Does your application require a super stable frequency source? How about the ability of the frequency source to be fine-tuned? Sounds like a Voltage Controlled Crystal Oscillators (VCXO) may be a great choice for your specific needs! By using a crystal oscillator as the basis of the circuit in a VCXO, high levels of frequency stability and low levels of phase noise can be maintained while still being able to control the frequency over a small range.
In this post, you’ll learn all the necessary basics of what VCXOs are, how they work, and what makes them so great for specific applications.
Exploring The VCXO Circuit
The basic circuit for an VCXO comprises a standard crystal oscillator but with an electronic means of tuning or "pulling" the frequency slightly. This is almost invariably achieved using varactor or varicap diodes. In most VCXOs a pair of back to back diodes are placed across the crystal. A reverse bias is applied to anodes of the diodes which then act as a variable capacitor across the crystal. In most cases a Colpitts oscillator circuit is used.
The amount by which the crystal frequency can be pulled depends upon a variety of factors including the level of capacitance applied, the circuit conditions themselves and the crystal. However, the frequency cannot be pulled too far, because the activity of the crystal reduces as the level of capacitance across the crystal increases. If it is necessary for the VCXO to be pulled over a large range, then an inductor can be incorporated into the circuit.
VCXO Performance: Pros and Cons
Using this approach, VCXO figures of frequency variation of around 35 to 50 ppm/volts are reasonably easy to achieve and VCXOs with these figures are quite common.
Naturally the fact that the frequency of the VCXO can be pulled reduces the overall performance of the oscillator circuit. The phase noise performance of the oscillator is degraded because the effective Q of the resonator is considerably reduced. Additionally, the frequency stability is not as good.
One of the major problems with VCXOs is that of temperature drift. As this varies over the voltage control range, it cannot be optimized for all levels of control voltage, the final design being a compromise. This when used without other forms of temperature compensation they may drift more than other forms of crystal oscillator.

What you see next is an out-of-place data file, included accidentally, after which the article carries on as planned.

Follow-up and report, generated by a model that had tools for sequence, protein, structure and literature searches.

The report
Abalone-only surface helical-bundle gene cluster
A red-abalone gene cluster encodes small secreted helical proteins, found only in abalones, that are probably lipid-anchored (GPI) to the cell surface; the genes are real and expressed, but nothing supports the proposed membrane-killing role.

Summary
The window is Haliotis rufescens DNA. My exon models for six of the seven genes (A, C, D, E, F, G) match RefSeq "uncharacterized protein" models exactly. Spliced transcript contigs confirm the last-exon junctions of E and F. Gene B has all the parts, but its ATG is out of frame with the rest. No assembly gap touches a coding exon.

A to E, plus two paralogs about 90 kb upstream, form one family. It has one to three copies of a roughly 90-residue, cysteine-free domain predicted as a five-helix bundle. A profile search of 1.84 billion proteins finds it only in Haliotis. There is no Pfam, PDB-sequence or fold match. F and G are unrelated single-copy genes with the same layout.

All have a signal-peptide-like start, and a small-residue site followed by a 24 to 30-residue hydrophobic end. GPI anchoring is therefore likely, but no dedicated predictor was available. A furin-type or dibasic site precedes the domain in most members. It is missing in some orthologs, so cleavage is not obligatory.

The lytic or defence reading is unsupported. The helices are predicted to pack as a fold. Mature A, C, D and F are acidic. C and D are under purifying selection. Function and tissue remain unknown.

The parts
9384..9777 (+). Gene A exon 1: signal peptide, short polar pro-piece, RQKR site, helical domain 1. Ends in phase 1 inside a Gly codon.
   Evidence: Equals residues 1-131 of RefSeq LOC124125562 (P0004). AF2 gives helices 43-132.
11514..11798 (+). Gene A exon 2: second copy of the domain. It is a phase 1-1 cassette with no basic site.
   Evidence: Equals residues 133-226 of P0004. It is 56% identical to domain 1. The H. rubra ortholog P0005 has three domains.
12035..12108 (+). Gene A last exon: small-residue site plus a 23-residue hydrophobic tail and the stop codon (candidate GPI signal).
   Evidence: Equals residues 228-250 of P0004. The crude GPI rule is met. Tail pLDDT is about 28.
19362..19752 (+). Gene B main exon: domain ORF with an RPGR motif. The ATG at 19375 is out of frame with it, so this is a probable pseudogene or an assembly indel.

VCXOs are used in many applications. They are used in TCXOs where the temperature compensation voltage is applied to a control terminal of the VCXO. In this way the drift can be considerably reduced, although the performance is still not as good as a full Oven Controlled Crystal Oscillator.
In another application, VCXOs are often found in narrow band phase locked loops where only a small amount of frequency variation is required.
7 Factors of Specifying VCXOs
Many VCXOs are ordered as modules from a specialist supplier of these items. It is necessary to specify them correctly to obtain the required product.
When specifying a VCXO the following parameters are normally needed:
- Frequency: This is normally specified in MHz for frequencies over 1.0MHz and in kHz below this. It also needs to be specified to the correct number of decimal places to enable the manufacturer to be able to determine the required frequency needed. Refer to the manufacturers details for the correct number - typically six or seven significant figures.
- Output: VCXOs are required for a number of applications. Some may be sued to drive different forms of logic, whereas others may be required for analogue applications. The output requirements are an important element of the overall specification.
- Frequency stability: Even though VCXOs are variable, the basic frequency stability still needs to be specified. Generally, this is done for room temperature, 20°C and with the voltage control point set to its centre value. The frequency stability is taken for operation over the operating temperature range. The value is specified in terms of parts per million, ppm. Standard stability specifications are typically ±25ppm, ±50ppm and ±100ppm.
- Supply voltage: It is necessary to specify the supply voltage to ensure that it operates within the unit for which it is intended. Ideally it should be able to operate outside the expected tolerance of the supply so that any slight mismatch does not cause an issue.
- Operating temperature range: Most units have a temperature operating range over which they will function. Accordingly, it is necessary to specify a range for the VCXO. There are three main ranges:
- 0 - 70° C - Often referred to as a commercial temperature range. It is normally satisfactory for operation within office or laboratory environments.
- -10 - + 70°C - Industrial range which is needed where temperature ranges may fluctuate more widely.
- -40 - +85°C - this is nearing the military range (normally -40 to +125°C) and is required where much larger temperature ranges are needed. For example for equipment that may be used externally.
Note: There is often a temperature rise within an item of equipment. This means that components will be operating well above the ambient external temperature. This must be taken into consideration when determining what temperature range may be needed.
- Pullability: The pullability is the frequency range over which the VCXO can be pulled for a given change in control voltage. It is specified in terms of parts per million, ppm, for a given voltage. As is expected, large pullability figures give a larger tuning range, but VCXOs will smaller levels of pullability offer greater stability and lower phase noise.
- Package: It is necessary to specify the package as VCXOs come in many forms and various options may be available from through hole mount to surface mount. Also options such as tape and reel are often available for large scale manufacture using automated manufacturing machinery.
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